nationalisation

The day before Vesting day. 31st December 1946.

The Hardwick Colliery Company 'end of the game' dinner

'the Team'

The day before Vesting day. 31st December 1946.

The Hardwick Colliery Company farewell dinner of directors and officials

at the Hardwick Inn

In 1945, as the war came to an end, the government announced its intention to nationalise coal mining, and the Coal Industry Nationalisation Act 1946 provided for the nationalisation of the entire industry. On 12 July 1946, the National Coal Board (NCB) was established which was given sole responsibility for managing and running the industry.


In the subsequent reorganisation of the industry and due to the successful innovations he implemented whilst at the Hardwick Colliery Company, Jack was appointed Chief Mechanisation Engineer of the East Midlands Division Number 1 Area (Chesterfield)  at Bolsover Area Headquarters.


One of the first tasks undertaken by Jack in his new capacity was to investigate new methods of producing coal more efficiently and more competitive. With this mission in mind, he was sent over to America to evaluate their methods of drivage in the hard rock mines of Pennsylvania and to see if any advancements could be made in our industry.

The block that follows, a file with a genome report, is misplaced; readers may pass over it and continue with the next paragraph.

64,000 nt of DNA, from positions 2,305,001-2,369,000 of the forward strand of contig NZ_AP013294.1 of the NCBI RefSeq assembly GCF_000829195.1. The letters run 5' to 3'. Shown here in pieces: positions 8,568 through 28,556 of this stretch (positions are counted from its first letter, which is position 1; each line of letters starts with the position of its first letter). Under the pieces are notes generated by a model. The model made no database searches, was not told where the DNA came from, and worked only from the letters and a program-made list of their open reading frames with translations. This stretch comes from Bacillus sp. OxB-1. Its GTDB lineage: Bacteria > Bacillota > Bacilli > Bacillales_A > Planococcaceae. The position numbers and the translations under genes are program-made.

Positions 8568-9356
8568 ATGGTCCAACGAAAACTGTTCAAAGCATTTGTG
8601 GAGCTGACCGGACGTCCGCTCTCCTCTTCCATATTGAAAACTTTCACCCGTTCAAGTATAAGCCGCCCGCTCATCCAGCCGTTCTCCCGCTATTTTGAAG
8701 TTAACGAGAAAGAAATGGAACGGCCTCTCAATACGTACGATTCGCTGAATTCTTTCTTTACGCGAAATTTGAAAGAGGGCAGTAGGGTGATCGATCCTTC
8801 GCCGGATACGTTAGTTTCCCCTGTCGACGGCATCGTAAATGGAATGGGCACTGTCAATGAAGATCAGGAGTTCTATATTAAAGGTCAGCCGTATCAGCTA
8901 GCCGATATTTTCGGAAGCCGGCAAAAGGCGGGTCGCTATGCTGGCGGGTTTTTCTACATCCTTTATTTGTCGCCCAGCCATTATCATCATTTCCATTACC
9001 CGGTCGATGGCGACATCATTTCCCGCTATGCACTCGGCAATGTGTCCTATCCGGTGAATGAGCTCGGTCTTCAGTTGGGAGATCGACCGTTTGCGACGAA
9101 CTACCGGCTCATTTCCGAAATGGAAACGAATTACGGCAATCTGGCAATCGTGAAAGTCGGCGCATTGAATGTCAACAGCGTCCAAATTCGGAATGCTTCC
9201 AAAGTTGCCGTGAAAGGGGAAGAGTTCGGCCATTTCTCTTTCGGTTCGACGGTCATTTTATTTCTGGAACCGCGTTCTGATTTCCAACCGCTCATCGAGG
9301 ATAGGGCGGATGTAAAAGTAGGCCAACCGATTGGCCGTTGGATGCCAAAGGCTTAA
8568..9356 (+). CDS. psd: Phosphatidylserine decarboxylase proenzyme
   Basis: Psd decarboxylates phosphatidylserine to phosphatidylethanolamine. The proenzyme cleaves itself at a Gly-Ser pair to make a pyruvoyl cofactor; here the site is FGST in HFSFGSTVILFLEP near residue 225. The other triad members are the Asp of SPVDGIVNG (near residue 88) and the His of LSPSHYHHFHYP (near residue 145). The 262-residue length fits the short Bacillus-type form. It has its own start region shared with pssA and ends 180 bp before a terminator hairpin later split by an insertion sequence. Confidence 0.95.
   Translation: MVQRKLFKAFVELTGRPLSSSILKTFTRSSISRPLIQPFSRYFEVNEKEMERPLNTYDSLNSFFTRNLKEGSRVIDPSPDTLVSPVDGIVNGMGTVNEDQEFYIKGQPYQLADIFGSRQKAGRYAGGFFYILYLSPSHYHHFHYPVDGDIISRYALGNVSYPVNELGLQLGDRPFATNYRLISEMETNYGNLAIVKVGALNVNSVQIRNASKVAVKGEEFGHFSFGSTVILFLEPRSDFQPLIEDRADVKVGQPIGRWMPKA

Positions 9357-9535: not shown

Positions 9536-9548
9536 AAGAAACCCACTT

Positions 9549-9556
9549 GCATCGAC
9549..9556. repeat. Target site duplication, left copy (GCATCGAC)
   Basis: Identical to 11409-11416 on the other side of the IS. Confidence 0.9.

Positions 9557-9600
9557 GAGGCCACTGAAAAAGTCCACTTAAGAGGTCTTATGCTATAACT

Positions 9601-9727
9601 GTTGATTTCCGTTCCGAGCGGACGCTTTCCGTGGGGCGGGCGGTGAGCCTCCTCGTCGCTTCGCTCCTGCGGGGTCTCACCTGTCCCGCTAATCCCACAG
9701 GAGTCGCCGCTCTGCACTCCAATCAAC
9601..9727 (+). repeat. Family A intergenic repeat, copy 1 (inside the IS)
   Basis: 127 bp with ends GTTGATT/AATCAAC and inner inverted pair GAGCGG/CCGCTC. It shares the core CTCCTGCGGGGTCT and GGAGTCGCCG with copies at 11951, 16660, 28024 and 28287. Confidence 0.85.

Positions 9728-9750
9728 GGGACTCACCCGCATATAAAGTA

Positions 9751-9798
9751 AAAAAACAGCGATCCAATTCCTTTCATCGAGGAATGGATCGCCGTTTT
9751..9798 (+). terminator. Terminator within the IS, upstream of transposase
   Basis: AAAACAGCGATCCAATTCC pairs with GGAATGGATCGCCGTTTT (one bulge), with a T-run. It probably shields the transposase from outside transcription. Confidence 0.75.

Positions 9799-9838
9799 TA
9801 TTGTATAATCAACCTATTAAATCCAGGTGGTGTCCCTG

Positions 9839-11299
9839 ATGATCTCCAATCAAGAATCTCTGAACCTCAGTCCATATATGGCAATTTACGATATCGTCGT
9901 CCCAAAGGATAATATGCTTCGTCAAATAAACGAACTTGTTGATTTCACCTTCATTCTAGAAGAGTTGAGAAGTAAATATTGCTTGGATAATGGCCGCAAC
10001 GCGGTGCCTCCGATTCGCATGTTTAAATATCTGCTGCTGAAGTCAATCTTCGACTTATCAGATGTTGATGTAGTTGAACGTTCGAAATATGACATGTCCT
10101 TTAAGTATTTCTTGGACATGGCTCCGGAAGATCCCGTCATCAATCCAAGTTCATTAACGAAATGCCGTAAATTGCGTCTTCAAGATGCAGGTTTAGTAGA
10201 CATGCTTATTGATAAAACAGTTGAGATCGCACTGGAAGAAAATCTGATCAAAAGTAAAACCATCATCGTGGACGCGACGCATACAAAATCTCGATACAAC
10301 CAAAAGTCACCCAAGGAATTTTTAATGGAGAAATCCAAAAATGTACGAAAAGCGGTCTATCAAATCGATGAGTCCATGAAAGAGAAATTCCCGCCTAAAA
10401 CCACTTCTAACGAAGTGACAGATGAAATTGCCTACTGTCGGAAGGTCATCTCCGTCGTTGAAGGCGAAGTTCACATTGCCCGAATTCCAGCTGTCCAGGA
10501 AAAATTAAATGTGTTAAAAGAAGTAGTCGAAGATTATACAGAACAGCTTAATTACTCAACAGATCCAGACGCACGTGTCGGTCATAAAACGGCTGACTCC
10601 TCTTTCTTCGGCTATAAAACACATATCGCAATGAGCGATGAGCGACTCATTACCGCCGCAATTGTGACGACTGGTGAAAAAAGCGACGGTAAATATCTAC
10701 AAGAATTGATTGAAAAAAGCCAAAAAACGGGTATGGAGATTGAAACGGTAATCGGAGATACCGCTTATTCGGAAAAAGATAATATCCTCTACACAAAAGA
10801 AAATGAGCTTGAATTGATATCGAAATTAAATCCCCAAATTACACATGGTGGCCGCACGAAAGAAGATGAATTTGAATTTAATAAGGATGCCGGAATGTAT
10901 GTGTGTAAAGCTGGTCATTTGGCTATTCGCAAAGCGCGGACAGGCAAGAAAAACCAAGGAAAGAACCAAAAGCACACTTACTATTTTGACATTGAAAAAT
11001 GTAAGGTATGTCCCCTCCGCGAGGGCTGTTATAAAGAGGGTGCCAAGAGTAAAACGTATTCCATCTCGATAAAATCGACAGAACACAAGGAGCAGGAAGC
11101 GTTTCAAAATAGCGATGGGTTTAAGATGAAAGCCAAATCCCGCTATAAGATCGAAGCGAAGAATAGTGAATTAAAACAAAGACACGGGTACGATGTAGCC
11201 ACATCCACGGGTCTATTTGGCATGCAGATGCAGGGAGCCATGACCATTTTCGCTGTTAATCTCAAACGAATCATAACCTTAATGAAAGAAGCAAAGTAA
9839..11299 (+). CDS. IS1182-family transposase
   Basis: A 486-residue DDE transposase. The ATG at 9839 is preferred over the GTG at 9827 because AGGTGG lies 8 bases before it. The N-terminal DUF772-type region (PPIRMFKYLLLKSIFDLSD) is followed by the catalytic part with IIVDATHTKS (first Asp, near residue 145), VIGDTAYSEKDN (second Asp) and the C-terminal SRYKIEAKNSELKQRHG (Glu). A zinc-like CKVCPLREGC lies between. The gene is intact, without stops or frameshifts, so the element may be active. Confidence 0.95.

Jack in a hard stone quarry in Pennsylvania 

Drilling in a hard stone quarry in Pennsylvania

Jack visited the Stork Club in New York on the way back home

Jack in a hard stone quarry in Pennsylvania

Soon after Jack's return from the States, he began rolling out his hydraulic chock, conveyor and shearer system throughout all the collieries under his charge. So successful a project it was that in the first five years, mechanised coal production from No.1 Area rose from 28% to over 80%. In fact, the rise in mechanised production seen was so great that Jack was seconded to the Nottinghamshire and South Yorkshire coalfields to instigate a similar programs of works.


During this period of intense development, Jack worked closely with the big mining equipment companies that existed at the time. He would trial their products and give feedback for improvement.


These companies were household names in the mining industry and they would later credit Jack with being instrumental in the conception and development in some of their products. Companies like:


Anderson Strathclyde - Maker of the famous Anderson Drum Shearer

Mavor and Coulson - Famous mining conveyor makers

Joy Mining Machines - Old American firm manufacturing continuous miners

Gebr Eickhoff - German mining equipment manufacturers

Austin Hoy - A firm instrumental in introducing Carbide cutting picks and tips

Dobson - Hydraulic ram, prop and chock maker


The following photos are from some trials of Dobson chocks and roof supports. These photos are mainly from Brodsworth Colliery, Area No.2 Yorks Division, Denaby Colliery Area No.3 Yorks and Thoresby Area No.3 East Mids.

A Dobson advert from a 1957 copy of 'Colliery Guardian'